Everything’s coming together for Portuguese carrier
TAP takes off
Pictured above: TAP Portugal arrives in YYZ. Photo: Laird-Kay
David Neeleman agrees that his involvement with TAP Portugal is something a little different for him. Neeleman has a track record of founding or being part of group’s launching low-cost carriers like WestJet, JetBlue (which he founded), Morris Air (which was sold to Southwest) and today, is the CEO of Brazil’s Azul Airlines.
So getting involved with what many would describe as a “legacy” airline is definitely a departure, on the other hand, considering what’s been going on at TAP Portugal in the last little while, his group’s involvement bodes well for the Portuguese carrier’s future.
“It is a different play,” Neeleman agreed when the question was raised, explaining that: “We had been approached at Azul by the government of Portugal, the government of Brazil – I mean everybody really wanted us to get involved with it.”
Neeleman, who heads that TAP investment group, as well as being on its board of directors, explained further: “Had I not had Azul, I’m not sure it would have made this much sense for us, because about 40% of TAP’s revenues are Brazilian-related [and] I don’t think people really understand that.”
He agreed that there is a natural connection between Portugal and Brazil, but he told CTP that: “I think the thing that really convinced us that it was something to do was that we were pretty deep in a crisis in Brazil – things were pretty bad – and HNA Group – which is one of our shareholders at Azul – they were very interested in us doing the deal too. So much so that they said if you’ll do the deal with TAP then we’ll invest in Azul.”
The result, he observed, is that “everything just kind of came together.”
And come together it did, with TAP Portugal adding Toronto as its fifth North American gateway (its first in Canada) – the others include New York’s JFK, Newark, Boston and Miami – at the beginning of June, to offer service to Lisbon five times a week.
“[TAP’s] a great company and it’s got great people; and a great safety culture. The product was, you know, obviously, very tired and needed to be refreshed. [It] needed a lot of new capital investments. So we’re doing all that and we’re really seeing the benefits of it.”
May 2017 results show the carrier’s passenger traffic was up by 20% over the same period in 2016 and that growth clearly proves that the carrier’s huge investments in a major fleet renewal coupled with revamping the way that it comes to market is paying off.
In fact, if you ask Neeleman what to expect from TAP, he’ll tell you: “First of all, if you’re going to Portugal, you should be going on TAP. We’re going to fly this market year-round [referring to the launch of Toronto]. We’re not going to come in and out in the summertime. I know there’s a very large Portuguese community here, so they can depend on us that we’re going to be here.”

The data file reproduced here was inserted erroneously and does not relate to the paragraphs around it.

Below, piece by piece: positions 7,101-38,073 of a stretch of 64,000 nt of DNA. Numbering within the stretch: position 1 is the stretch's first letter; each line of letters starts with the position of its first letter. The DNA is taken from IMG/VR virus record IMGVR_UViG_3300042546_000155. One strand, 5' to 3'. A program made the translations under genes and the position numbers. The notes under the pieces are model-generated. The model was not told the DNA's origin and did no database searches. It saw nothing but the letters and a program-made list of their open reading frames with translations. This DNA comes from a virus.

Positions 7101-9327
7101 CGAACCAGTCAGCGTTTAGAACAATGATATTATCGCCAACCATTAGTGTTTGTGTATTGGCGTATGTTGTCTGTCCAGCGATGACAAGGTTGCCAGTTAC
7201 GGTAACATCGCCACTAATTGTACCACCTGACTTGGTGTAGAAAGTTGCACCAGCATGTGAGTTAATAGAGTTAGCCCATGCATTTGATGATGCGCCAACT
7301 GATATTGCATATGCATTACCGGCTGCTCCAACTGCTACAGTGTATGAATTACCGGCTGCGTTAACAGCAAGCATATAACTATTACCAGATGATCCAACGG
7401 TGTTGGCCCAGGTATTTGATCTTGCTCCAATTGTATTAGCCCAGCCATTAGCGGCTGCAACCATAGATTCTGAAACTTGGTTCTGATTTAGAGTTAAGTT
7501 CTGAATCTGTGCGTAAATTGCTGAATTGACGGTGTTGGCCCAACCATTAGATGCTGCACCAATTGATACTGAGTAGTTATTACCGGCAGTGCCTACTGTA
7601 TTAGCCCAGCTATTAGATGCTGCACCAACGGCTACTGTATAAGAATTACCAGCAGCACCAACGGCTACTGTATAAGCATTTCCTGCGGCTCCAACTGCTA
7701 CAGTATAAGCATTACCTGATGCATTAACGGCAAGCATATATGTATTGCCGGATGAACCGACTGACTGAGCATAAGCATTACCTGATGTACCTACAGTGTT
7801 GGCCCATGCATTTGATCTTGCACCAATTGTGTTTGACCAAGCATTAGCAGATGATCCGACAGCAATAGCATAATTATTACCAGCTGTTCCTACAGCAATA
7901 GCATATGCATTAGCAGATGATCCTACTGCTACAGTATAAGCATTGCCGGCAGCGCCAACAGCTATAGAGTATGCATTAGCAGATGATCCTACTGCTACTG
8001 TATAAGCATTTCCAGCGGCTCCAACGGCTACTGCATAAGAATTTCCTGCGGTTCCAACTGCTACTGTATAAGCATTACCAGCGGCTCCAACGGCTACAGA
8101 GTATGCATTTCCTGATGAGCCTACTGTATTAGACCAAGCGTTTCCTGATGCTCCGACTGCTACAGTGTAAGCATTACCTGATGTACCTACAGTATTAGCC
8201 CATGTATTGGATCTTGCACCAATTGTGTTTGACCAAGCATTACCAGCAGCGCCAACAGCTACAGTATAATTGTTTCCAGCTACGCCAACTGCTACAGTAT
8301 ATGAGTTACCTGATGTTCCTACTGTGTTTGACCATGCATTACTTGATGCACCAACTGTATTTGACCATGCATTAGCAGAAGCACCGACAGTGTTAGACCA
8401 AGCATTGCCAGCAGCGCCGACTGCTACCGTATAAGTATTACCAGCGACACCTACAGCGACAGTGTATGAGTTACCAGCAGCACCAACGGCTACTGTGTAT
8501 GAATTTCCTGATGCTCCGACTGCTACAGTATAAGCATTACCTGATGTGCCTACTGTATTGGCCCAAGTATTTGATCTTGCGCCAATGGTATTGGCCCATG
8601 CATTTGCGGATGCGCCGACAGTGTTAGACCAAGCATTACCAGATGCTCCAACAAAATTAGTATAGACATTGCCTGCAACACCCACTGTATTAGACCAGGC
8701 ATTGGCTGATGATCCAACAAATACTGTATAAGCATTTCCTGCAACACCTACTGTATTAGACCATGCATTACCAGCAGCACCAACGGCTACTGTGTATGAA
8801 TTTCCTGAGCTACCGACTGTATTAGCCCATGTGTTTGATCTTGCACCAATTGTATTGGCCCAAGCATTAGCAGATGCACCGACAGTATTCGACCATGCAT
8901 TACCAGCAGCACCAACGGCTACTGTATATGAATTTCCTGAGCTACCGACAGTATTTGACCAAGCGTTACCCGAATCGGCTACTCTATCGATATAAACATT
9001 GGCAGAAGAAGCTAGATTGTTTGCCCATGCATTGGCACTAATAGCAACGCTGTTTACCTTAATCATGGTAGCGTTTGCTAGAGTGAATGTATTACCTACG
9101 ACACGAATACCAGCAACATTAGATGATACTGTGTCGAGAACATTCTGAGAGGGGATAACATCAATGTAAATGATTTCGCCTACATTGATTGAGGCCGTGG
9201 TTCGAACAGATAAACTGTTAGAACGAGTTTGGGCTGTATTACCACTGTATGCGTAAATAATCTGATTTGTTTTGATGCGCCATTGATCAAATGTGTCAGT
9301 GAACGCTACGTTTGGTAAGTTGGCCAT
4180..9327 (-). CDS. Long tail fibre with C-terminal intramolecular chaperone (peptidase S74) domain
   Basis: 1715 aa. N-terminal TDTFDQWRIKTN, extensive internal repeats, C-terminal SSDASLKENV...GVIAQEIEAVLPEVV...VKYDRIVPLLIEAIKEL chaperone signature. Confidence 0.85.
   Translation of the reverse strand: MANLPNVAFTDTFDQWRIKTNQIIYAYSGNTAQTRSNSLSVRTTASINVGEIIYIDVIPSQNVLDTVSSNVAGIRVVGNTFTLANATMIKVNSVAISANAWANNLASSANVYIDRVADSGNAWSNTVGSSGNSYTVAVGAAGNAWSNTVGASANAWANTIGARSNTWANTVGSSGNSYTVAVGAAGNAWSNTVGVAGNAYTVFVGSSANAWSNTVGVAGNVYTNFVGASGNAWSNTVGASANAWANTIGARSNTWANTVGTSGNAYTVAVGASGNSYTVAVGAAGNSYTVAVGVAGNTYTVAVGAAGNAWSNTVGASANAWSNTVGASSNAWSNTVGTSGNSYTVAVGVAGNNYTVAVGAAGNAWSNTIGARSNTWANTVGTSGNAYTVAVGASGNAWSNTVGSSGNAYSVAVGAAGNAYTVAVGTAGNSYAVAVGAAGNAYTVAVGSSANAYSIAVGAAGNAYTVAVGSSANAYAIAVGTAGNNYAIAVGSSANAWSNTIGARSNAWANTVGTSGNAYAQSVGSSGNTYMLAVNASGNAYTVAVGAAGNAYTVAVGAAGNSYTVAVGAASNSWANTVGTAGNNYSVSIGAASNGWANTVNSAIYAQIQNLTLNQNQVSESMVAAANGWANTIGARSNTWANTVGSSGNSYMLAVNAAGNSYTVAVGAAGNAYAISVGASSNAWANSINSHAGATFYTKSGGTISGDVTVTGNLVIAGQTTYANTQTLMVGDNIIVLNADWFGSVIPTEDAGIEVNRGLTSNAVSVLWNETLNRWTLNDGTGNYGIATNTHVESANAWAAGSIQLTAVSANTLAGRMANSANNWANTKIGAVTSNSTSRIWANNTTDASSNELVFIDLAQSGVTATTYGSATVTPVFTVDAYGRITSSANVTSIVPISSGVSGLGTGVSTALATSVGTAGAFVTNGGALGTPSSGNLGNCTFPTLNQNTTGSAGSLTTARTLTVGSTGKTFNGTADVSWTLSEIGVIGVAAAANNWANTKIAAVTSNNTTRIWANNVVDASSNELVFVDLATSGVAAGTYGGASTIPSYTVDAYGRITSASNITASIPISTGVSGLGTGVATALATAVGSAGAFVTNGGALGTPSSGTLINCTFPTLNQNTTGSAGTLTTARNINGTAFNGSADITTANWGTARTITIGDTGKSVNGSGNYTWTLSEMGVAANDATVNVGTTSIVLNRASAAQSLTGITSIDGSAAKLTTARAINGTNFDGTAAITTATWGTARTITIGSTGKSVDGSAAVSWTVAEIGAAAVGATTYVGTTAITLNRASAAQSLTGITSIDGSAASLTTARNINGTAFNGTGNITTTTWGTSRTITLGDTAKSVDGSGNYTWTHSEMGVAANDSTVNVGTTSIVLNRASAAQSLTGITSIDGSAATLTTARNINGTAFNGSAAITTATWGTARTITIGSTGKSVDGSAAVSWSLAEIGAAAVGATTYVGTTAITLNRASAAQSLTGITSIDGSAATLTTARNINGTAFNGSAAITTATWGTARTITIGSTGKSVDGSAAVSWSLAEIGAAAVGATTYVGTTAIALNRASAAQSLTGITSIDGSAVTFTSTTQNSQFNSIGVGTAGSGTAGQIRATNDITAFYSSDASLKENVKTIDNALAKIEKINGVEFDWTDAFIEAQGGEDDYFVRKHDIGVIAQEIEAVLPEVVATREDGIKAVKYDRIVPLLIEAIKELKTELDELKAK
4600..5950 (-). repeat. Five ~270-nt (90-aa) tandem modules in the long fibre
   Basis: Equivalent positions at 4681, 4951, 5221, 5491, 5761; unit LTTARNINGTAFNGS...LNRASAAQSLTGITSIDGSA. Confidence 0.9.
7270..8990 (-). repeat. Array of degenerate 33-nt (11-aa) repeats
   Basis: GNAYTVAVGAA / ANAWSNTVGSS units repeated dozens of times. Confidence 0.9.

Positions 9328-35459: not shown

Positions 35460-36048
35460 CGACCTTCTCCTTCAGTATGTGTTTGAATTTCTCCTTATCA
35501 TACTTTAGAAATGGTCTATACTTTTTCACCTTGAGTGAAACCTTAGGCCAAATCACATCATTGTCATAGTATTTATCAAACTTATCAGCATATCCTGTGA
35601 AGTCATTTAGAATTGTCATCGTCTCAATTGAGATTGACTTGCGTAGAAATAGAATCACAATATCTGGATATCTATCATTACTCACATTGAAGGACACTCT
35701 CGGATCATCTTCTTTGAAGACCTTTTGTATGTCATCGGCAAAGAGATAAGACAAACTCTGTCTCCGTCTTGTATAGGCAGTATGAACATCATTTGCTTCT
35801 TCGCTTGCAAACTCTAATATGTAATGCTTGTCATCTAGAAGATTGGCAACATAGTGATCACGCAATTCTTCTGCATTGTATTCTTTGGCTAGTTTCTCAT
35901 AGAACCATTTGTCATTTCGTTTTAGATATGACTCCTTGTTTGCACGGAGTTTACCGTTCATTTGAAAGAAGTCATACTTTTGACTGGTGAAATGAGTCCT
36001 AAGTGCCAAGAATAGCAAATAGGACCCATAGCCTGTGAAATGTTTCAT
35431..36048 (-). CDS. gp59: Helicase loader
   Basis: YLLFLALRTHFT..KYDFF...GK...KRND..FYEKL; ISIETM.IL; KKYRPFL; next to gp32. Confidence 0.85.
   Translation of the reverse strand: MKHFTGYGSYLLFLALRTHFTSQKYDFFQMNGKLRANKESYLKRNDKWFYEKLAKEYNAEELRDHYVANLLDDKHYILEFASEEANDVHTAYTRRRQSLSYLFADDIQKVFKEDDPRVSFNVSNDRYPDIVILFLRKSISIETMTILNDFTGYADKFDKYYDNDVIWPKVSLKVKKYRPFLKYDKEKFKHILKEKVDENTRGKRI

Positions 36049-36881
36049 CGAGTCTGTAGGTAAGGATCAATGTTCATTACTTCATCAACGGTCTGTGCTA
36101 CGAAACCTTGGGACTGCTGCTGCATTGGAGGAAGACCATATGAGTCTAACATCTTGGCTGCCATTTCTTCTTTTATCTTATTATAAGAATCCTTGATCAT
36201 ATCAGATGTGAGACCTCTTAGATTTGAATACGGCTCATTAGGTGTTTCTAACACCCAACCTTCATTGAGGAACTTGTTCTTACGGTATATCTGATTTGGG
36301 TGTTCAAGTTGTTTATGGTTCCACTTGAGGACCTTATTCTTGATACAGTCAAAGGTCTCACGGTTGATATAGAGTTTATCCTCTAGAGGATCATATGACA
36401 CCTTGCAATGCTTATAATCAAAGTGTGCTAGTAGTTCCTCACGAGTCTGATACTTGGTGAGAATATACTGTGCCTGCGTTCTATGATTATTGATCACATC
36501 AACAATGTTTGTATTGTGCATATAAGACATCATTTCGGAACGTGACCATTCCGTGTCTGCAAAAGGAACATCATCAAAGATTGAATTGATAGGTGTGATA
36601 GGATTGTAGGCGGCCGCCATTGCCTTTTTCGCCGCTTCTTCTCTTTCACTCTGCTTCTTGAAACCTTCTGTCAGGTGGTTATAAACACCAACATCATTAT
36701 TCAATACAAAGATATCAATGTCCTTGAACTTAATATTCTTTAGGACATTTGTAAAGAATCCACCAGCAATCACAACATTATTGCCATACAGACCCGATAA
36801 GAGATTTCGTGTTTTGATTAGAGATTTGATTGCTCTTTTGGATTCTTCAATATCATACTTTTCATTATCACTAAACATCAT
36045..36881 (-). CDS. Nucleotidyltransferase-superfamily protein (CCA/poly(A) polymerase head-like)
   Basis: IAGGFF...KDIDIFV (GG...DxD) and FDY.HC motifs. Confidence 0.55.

And he continued: “We’re going to be able to get you to Portugal without having to make a connection through London or somewhere else. You’re also going to get some really good service – you know, new planes, great service, good fares. If you want to go to secondary cities, where maybe Air Canada doesn’t have non-stop service to, the southern tier of Europe – [TAP is] really going to be the best way to get you there.”
A member of Star Alliance, TAP serves 46 destinations in Europe and 16 destinations in Africa, and with that kind of route network, Neeleman agrees that the travel trade is important to TAP pointing out that “more than half of our business from the United States goes beyond Portugal.”
And that’s why TAP launched its Portugal Stopover program, giving its long-haul passenger who were transiting through Lisbon a chance to spend up to three days in either Lisbon or Porto, before continuing their trip.
“I’m not sure how it is in Canada, but in the United States, if you ask somebody if they’ve ever been to Portugal, they all say ‘no, but I hear great things and I’d like to go there someday.’ Nobody has ever been there, but everybody wants to go there.”
And once they’ve been, Neeleman said, they all want to go back.
As for TAP, he told CTP that: “The airline is 72 years old. Our people are committed. It’s a critical part of the Portuguese economy, and I think the people that work there know that and they’ve been through some tough times. It has been government-owned since 1974, and the government wasn’t allowed by European rules to invest in the company and now they’re seeing new flights coming, and new investment, new products – and there’s a lot of excitement there.”
As for his message to the travel trade, Neeleman said: “The message for the trade is book your people on TAP with confidence – they’re going to love it. And when people discover Portugal, they’re going to love it.”
For more, go to http://www.flytap.com .